Iran: Sunni insurgents kidnap former nuclear site worker

Jundallah group threatens to reveal some of Teheran's nuclear secrets if it does not release 200 "political prisoners" from Iranian jails.

Iran Reactor 311 (photo credit: Associated Press)
Iran Reactor 311
(photo credit: Associated Press)
The Sunni Iranian terrorist group Jundallah, or Soldiers of God, late on Saturday claimed in an Internet posting on its website that it had kidnapped a clerk at Iran's uranium conversion facility in the central city of Isfahan.
Jundallah demanded that Teheran free more than 200 Sunni and Baluchi prisoners and members of the group it says are held in Iranian prisons.
RELATED:Iran's nuclear chief acknowledges espionage at facilitiesThe Gravest ThreatThe group warned that failure to meet its demands within a week would lead to "releasing to the public the information gathered from Mr Amir Hossein Shirani, so the world finds out more about the Iranian regime's secret nuclear activities," according to the statement cited by AFP.
Deputy Interior Minister, Ali Abdollahi, confirmed the kidnap victim, Amir Hossein Shirani, was a former welder and driver at the nuclear facility but said the abduction was for ransom, not political motives. He said Shirani had been fired from Isfahan in 2005 for incompetence.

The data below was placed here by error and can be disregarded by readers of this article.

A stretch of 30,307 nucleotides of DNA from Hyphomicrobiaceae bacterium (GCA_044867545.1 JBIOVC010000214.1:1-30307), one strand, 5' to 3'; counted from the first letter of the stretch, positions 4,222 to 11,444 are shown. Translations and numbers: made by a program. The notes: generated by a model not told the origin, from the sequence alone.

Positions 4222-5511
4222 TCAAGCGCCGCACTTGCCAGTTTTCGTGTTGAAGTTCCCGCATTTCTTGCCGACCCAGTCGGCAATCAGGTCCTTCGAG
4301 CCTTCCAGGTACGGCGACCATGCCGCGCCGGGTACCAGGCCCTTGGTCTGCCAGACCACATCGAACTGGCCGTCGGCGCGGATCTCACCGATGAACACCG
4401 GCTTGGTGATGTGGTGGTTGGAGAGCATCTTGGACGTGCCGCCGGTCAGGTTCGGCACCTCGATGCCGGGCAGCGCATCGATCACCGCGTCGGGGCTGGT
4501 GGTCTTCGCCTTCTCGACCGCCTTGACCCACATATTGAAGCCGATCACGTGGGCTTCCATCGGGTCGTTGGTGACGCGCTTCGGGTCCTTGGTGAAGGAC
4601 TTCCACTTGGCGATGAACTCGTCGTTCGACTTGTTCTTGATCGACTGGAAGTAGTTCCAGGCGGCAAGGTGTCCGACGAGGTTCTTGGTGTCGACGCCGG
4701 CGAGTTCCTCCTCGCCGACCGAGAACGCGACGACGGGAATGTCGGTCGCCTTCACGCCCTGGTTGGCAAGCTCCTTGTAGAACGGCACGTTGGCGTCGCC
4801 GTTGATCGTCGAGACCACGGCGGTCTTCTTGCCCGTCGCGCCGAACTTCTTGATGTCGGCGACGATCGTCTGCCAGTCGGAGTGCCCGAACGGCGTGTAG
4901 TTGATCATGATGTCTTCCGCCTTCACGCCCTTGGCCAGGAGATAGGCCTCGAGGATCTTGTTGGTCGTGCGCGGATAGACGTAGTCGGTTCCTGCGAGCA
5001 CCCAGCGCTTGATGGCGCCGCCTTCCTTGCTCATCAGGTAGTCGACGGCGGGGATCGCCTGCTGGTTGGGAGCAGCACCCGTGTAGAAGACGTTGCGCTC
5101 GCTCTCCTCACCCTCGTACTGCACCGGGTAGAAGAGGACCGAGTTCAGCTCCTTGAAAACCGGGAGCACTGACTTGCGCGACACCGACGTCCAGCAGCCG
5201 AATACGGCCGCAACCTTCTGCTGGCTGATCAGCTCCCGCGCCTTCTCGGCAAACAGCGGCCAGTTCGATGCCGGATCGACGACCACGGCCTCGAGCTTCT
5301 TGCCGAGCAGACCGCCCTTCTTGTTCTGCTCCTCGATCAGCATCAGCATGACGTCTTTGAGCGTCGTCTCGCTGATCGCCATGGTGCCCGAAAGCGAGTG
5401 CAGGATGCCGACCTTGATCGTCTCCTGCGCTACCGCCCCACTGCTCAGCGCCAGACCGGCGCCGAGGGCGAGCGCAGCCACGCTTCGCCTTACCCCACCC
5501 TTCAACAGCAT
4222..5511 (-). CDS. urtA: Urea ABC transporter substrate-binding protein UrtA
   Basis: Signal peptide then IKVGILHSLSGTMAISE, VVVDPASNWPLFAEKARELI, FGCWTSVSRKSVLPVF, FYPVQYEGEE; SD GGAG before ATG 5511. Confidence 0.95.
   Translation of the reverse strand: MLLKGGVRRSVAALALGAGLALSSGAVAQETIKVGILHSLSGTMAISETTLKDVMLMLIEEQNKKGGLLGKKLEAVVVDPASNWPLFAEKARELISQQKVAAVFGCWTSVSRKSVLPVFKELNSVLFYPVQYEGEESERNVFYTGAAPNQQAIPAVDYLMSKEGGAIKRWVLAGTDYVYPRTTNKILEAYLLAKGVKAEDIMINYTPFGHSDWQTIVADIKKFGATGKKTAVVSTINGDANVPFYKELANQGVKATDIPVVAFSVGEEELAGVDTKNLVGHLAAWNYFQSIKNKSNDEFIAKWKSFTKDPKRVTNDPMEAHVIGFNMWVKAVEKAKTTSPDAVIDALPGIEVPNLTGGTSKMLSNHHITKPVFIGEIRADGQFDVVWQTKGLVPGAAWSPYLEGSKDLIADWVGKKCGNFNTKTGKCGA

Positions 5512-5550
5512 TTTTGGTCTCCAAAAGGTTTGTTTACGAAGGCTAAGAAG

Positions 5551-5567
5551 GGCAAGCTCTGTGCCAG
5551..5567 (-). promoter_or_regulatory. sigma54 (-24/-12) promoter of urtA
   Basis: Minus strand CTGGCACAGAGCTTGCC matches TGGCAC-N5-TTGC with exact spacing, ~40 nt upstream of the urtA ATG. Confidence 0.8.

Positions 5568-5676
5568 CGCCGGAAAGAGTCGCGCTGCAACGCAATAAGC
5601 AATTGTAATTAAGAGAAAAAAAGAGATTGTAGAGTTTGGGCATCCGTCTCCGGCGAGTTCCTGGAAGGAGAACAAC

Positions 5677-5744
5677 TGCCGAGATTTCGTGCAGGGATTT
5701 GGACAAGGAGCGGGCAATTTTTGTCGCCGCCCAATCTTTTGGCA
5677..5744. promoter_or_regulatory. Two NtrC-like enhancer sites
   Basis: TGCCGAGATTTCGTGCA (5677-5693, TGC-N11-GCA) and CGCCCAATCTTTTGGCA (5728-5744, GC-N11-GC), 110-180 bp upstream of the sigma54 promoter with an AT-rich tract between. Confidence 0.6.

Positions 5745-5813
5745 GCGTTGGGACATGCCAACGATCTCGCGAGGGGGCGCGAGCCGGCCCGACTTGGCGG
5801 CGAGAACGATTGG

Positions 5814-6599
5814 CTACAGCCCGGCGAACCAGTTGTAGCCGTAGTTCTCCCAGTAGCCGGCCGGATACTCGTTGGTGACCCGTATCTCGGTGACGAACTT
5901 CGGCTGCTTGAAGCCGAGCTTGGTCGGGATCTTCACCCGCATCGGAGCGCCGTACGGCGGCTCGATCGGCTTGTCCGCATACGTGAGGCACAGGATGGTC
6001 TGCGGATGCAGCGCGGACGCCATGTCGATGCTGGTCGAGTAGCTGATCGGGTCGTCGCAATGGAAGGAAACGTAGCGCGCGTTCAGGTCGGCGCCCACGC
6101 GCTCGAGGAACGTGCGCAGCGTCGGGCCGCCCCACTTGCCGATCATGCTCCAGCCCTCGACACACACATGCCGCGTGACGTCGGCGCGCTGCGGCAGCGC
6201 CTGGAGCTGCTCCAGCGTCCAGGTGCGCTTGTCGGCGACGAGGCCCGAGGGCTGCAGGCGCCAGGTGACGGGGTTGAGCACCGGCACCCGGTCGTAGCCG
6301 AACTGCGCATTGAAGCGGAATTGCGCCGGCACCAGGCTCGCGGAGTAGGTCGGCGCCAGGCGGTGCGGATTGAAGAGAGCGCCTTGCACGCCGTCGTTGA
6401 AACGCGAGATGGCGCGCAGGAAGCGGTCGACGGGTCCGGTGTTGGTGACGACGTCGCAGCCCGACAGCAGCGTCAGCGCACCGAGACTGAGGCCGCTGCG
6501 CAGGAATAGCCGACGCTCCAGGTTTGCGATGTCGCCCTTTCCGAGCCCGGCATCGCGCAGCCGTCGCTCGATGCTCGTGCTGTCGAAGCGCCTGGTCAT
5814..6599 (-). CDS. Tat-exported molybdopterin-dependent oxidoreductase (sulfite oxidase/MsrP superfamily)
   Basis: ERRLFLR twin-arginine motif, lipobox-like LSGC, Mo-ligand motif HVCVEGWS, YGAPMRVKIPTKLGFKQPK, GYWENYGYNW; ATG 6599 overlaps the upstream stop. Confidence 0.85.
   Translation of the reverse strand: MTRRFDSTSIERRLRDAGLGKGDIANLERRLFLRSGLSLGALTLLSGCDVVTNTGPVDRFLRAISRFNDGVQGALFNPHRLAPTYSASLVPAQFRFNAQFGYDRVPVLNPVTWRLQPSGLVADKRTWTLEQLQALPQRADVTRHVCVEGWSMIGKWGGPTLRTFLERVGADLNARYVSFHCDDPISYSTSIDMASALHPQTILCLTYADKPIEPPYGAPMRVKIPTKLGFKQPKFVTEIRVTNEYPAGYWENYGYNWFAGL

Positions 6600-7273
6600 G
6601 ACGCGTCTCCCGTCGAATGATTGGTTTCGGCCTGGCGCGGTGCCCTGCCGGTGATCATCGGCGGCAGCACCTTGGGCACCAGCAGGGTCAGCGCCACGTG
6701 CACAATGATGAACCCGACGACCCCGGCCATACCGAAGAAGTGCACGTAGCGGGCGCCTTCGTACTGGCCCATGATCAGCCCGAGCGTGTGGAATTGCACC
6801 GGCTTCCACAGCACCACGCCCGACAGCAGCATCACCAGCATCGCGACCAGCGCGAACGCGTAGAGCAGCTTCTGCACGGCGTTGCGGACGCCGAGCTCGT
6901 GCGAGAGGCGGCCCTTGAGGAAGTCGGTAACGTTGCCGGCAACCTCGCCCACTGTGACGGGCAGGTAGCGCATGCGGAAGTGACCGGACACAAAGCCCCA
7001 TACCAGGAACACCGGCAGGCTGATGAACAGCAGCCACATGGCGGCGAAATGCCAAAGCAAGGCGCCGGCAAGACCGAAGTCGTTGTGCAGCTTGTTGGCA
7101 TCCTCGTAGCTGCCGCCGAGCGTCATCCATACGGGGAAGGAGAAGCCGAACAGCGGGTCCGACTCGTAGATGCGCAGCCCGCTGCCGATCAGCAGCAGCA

Abdollahi was quoted by the official IRNA news agency Saturday as saying that Shirani was kidnapped by Jundallah two months ago while he was working as a driver in southeast Iran, where the group is waging insurgency.
Hamid Khadem Qaemi, a spokesman for Iran's Atomic Energy Organization denied that Shirani was kidnapped for his knowledge of the Iranian nuclear program.
"He is not employed with Iran's Atomic Energy Organization" any more, Qaemi was cited by AFP as telling an Iranian newspaper on Sunday, adding that the abduction was a "personal matter and not linked to the nuclear issue."
Gholam Reza Ansari, the chief of the Isfahan judiciary, also confirmed that Shirani's kidnapping,  according to the AFP. However, Ansari claimed that the "abduction was related to a financial dispute with a drug cartel in Sistan-Baluchestan."